NEWORLEANS -- Due to a state budget shortfall, Gov. Bobby Jindal has imposed a five percent budget cut on the LSU Hospital system, and the plan calls for some serious cuts in hospital services here in New Orleans.
Cecile Tebo, the former administrator of the New Orleans Police Department Crisis Intervention Center, says the cuts could affect public safety.
In New Orleans, the cuts will take out dozens of hospital beds. At University Hospital, the interim LSU hospital, that means the loss of 25 beds in one nursing unit that handles medical surgical patients, cutting four of the hospital's 44 emergency department beds, eliminating the entire 20 bed chemical detox unit and cutting ten beds from university's 20-bed emergency psychiatric unit.
And at the DePaul Behavioral Center the cuts slash nine of 38 inpatient psychiatric beds.
The CEP of LSU's interim hospital, Dr. Roxanne Townsend, says there's certainly going to be an impact.
'My concern is always for patients who end up in any emergency department that can't be cared for quickly,' said Townsend.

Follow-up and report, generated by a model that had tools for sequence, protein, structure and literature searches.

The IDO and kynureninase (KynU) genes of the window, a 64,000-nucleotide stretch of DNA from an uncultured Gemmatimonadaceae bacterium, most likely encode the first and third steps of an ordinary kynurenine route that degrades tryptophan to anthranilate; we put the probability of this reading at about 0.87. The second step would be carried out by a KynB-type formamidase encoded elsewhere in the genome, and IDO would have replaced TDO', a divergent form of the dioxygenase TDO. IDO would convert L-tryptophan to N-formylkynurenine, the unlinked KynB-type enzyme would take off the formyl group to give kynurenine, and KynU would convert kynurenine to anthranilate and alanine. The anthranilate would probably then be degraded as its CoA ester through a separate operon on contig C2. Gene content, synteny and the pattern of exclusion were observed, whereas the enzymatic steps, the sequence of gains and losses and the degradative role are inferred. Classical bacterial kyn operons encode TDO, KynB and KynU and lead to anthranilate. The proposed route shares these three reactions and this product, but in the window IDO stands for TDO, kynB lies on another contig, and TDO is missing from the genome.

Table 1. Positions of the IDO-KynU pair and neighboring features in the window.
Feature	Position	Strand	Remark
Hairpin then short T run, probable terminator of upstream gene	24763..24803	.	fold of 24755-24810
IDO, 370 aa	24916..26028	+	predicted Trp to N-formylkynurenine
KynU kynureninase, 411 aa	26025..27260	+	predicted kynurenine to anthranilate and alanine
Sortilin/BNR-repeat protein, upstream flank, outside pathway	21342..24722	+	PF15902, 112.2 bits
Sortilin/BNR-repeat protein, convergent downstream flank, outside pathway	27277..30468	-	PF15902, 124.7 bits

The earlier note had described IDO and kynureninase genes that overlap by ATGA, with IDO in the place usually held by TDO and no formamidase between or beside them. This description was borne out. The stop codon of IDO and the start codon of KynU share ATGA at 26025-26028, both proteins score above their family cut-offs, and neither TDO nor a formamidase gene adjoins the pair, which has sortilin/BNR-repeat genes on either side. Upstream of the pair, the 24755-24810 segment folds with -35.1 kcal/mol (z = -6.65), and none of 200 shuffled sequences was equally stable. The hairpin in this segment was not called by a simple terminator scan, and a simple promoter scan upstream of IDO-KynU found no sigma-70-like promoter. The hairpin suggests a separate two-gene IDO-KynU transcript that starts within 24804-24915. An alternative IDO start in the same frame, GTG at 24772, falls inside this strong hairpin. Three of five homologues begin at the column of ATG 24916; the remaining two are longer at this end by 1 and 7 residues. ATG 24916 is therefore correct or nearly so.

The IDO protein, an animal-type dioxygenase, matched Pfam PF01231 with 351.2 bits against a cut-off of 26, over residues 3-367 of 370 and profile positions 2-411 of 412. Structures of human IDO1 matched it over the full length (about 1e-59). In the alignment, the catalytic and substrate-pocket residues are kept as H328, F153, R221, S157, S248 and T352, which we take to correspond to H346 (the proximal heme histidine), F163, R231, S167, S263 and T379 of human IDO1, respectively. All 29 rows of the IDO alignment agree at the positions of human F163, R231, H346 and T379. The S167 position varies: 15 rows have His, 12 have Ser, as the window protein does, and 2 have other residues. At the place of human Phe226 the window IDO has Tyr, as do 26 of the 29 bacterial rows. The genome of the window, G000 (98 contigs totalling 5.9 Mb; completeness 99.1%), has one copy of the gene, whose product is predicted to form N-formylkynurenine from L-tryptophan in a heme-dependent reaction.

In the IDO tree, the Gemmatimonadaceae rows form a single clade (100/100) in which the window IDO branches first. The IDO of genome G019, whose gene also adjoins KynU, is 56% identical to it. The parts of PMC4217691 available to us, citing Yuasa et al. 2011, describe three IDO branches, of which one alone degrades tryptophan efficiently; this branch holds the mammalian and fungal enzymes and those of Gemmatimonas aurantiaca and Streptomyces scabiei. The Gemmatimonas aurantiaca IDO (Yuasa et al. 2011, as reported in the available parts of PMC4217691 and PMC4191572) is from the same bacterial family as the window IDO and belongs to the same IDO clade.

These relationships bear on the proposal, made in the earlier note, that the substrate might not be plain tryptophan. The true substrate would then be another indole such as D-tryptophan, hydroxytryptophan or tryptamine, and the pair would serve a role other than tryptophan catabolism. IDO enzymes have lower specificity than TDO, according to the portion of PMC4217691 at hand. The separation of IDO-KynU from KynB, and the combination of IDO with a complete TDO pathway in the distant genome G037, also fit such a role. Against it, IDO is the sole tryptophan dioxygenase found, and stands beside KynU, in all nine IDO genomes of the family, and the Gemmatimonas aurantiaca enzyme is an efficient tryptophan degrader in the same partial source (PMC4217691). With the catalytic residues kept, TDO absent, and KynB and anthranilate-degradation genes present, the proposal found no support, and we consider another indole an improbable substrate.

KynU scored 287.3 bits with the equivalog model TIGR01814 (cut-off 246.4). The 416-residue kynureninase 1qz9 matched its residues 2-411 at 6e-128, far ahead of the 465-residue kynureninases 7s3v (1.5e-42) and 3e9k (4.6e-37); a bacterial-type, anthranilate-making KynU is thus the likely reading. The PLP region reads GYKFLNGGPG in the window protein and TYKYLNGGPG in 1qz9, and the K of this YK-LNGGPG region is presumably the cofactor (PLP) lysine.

In a statement, the state secretary of the Dept. of Health and Hospitals, Bruce Greenstein, said thepotentialproblems were created by LSU, not the Jindal administration.
'LSU is receiving the full amount it was budgeted by the Legislature for this fiscal year. In fact, they will be receiving $13 million above their budget,'Greenstein said.
'Unfortunately, LSU did not manage their operations to budget throughout the year. We will work with the local community to mitigate the impacts on services caused by this situation LSU has found itself in.'
Tebo is afraid the impact could be devastating.'The impact is really going to be on public safety. I don't want to stigmatize mental health, but we just see too many situations out on the streets where violent offenses occur and it's people who have chronic mental illness who haven't been able to get treatment.'
Yet Dr. Townsend says the Metropolitan Human Services District is providing much more outpatient care than ever, and she says that will ease the impact.
'In New Orleans we're now in better shape than we were in the past,' said Townsend.
'Our community-based programs are rocking but the community-based programs serve those that are compliant,' said Tebo. 'And unfortunately, one of the major symptoms of chronic mental illness is non-compliance. So what do we do with that population that's not going to just walk in and accept service? And that's a huge population. Unfortunately, they're filling up all the beds in jail.'
Tebo says mental illness is a medical issue, and she argues cutting back so much in that area amounts to medical discrimination.